Valentine’s Day has arrived and love is in the air. It is no secret that high school students date. Over the years the rules for dating have changed, and McNicholas teachers were more than willing to share their advice on dating.
Science teacher John Chadwell believes in chivalry and being old fashioned. He said that the person who asked for the date should pay for everything and that guys should open doors for their date. “I think men should open doors for their dates – not that women can’t do it themselves, but chivalry should still count for something,” Chadwell said.
Be genuine with other people; if they don’t like it, then it’s not worth it. Chadwell supports being genuine and not taking things too seriously. “If it isn’t working out, end it gracefully, not via text, and find someone who you have better chemistry with,” Chadwell advised.
English teacher Ashley Markesbery said it’s important to be genuine and not be someone else. “I would try to be who I thought guys wanted me to be, but that always ended up making me unhappy,” Markesbery said.
“Now, if you don’t like me, then who cares, on to the next one because I’d rather be happy and single than in a relationship where I felt pressured to be someone I’m not,” Markesbery added.
A common piece of advice is to find someone who makes the person feel complete. Religion teacher Teresa Davis said that a person is already whole and does not need someone to complete them. “Be with someone who makes you a better you,” Davis said. “Not one that changes you.”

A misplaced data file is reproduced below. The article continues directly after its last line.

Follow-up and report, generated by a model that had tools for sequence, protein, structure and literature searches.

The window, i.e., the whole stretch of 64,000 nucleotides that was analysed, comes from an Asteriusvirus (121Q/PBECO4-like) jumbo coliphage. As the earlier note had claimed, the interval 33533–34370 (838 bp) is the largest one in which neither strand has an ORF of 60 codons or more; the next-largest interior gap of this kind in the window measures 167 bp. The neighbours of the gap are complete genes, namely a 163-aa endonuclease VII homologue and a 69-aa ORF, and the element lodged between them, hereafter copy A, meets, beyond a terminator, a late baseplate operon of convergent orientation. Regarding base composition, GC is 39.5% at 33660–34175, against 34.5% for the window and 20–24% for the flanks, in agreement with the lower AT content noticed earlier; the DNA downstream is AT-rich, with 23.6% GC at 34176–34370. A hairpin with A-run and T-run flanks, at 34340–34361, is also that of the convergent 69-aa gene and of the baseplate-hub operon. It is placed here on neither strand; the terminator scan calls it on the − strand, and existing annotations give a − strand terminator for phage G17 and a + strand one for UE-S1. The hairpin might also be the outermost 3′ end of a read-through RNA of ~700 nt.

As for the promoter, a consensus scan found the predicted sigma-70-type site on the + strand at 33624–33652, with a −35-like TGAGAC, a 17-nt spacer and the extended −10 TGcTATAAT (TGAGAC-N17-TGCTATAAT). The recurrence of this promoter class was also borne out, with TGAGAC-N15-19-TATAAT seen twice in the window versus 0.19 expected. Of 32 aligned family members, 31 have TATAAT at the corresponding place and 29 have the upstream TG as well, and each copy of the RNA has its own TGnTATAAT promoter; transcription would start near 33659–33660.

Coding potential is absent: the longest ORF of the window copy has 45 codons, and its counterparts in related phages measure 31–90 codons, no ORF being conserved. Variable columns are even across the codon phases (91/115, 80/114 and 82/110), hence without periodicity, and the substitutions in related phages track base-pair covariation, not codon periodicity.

Communication is big part of dating. Whether it’s texting or calling, communication is a key to dating. Religion teacher Sam Roflow believes in communicating face to face. “We need to actually talk with each other where we are truly present to the other,” Roflow said. Roflow added that communication should happen with no interruptions. “That is how you get to know someone and be in a real relationship,” Roflow concluded.
History teacher Frank Lowden and English teacher Jeff Mulvey both agreed that trust is important for dating. If a situation feels uncomfortable and things are moving too fast, people should trust in themselves and slow it down. “If you feel it is moving faster than you like, or if changes in plans within the date give you concern, trust yourself that it could potentially be a bad situation and take immediate steps to get home,” Mulvey said.
Preparing for a date can be stressful and tricky. Lowden’s tip for preparing is to make sure the person checks that he or she has extra money in case of an emergency. “Make sure you keep some ‘Mad’ money stowed away where no one but you knows about it,” Lowden said. “That way if you get ‘mad’ at your date, you can call a taxi to take you home.”
Markesbery’s tip for a date is to always be nice and make sure to relax before a date. “If it’s meant to be, it will work out; if it’s not meant to be, it won’t work out no matter how much you force it or how hard you try,” Markesbery advised.